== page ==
New Paper on Sunday: Who’s that CHIC chick?

Eye on election

She mixes a mean drink, but minces no words. Workers’ Party’s Glenda Han answers our questions – straight

SylviaTohPaikChoo
paikchoo@sph.com.sg


pictures | alvin toh, choo chwee hua

Party people: Caption: Ms Han (far right) with fellow WP Youth Wing exco members (from left) Melvin Tan, Chia Ti Lik, Tan Wui Hua, Goh Meng Seng and Ng Swee Bee.

POLITICS is a tough number.

Once you decide to stand, there is no way to run, ever, from legitimately probing questions, among which are: What is your mother’s maiden name? Do you have a pet? Where do you cut your hair? And, of late, tell us something about yourself that no one else knows.

Miss Glenda Han is 30 and single, and pretty cool in the way some men would describe as “hot”.

If one of the Dove shampoo ad girls ran for election, she’d be Glenda Han.

The deputy secretary of the youth wing of the Workers’ Party is No 2 of four sisters. One sells cars, another is in the garment industry and the youngest is entering NUS.

Miss Han used to have a stake in Ig’s Heaven, a shop stocked with quirky lifestyle objects.

She cashed in her quirky chips, took off to see the world (except South America), went to roost in Montmartre, the artists’ colony in Paris, loved it and stayed two years.

“My arty-farty side,” she said, with a flick of her lustrous black hair. No, she was not a Dove shampoo girl…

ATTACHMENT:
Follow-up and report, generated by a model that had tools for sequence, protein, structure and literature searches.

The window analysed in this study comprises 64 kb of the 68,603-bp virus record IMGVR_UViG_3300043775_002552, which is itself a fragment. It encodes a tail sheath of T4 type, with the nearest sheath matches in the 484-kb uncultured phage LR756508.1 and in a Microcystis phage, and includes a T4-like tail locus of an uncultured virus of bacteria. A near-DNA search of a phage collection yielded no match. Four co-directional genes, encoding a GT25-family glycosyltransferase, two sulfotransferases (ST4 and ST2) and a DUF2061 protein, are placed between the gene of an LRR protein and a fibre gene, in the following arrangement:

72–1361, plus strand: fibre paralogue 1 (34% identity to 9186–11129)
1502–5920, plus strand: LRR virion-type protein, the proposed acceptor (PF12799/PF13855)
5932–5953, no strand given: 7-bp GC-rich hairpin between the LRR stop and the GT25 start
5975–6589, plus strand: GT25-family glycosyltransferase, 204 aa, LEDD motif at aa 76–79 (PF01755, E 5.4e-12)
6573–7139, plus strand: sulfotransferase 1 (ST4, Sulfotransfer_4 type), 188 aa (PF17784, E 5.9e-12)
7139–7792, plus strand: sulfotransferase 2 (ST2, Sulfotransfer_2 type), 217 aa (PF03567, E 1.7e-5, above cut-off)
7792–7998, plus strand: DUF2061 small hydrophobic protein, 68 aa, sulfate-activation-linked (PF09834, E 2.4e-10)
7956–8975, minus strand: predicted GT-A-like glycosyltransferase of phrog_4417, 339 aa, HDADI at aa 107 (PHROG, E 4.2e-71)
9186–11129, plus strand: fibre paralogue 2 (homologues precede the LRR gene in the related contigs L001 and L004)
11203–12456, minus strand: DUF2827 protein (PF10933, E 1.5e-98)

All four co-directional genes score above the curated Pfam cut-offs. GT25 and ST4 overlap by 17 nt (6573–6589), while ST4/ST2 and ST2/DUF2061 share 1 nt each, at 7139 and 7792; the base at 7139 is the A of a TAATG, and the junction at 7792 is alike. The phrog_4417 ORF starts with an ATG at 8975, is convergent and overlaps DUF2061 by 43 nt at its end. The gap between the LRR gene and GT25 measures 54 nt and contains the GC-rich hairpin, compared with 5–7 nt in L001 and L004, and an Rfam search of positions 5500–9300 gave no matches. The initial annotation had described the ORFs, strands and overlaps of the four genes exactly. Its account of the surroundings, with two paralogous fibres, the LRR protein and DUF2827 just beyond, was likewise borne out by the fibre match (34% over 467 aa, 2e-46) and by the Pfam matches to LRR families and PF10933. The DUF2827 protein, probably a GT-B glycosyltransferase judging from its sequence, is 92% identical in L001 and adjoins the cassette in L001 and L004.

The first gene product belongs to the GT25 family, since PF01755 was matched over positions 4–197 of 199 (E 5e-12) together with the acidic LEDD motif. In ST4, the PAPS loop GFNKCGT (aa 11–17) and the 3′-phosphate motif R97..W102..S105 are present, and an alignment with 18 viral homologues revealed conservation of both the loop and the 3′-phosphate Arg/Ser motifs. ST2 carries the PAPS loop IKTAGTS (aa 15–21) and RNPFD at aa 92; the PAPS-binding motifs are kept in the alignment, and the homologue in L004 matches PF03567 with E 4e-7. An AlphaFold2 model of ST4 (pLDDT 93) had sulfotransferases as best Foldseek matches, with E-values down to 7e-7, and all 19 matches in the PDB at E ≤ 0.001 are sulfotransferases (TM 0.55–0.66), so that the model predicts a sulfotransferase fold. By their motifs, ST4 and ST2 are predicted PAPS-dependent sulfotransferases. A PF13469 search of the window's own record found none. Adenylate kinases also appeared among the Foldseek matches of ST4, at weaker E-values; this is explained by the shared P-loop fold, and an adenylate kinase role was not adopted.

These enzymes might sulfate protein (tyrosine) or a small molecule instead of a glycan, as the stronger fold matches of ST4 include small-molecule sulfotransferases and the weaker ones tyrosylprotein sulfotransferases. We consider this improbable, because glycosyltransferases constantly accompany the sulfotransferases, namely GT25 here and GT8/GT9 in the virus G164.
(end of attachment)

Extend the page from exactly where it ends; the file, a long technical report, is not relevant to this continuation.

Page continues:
“I like to paint. Still life, portraits mostly, in oils.”

When she is not flaring.

Flaring is what double-jointed bartenders do with liquor orders when they have an audience, you know, make a Cirque du Soleil juggle just to serve a Bloody Mary.

“Sure I can do flaring,” said Miss Han, a shareholder in Les Chameaux, a cocktail bar in Robertson Quay. But she does stop at bartop dancing.

Les Chameaux is “camels” in French for her sojourn in France, and camels because she wanted “something Middle Eastern”. She said: “We have shisha.” (Scented smokes.)

Miss Han can mix 30 cocktails, and her favourite drink is the Cosmopolitan; but of course, it’s Carrie Bradshaw’s (Sex and the City) preferred tipple.

If you had to concoct a WP cocktail what would be the mix?

“Vodka base with citron for zest,” she said without a comma, exuding confidence.

Why am I not suprised that the slim urbanely dressed Miss Han shares an apartment with three single girls, but has no love life to speak of.

Her day job is in money brokerage, nights at the bar counter, and all the in-between time is given over to family and her pet cat.

“At first they were apprehensive, at the idea of my going into politics,” she said. “But they did not dissuade me. Now they are supportive.”

CHILD OF THE REVOLUTION?

It was her years in the French capital that fired her political sensibilities. Home of the Revolution, the Rights of Man, the 1968 student riots heard around the world.

“In France, they debate over every single thing. The culture of politics is strong. Here, all people care about is the pursuit of wealth, bigger house, bigger car. They forget the small things.”

Like taking time out to chill rather than climb the corporate ladder? Like having the passion and the energy not to be apathetic?

“Many people don’t dare (to take risks), because they think of what they have to lose. I follow my gut.”

And when her gut feels bloated – from one Cosmopolitan too many, she heads to the gym.

And the one thing no one knows…?

“Well, I bought a violin when I was in Europe. I should learn to play it.”

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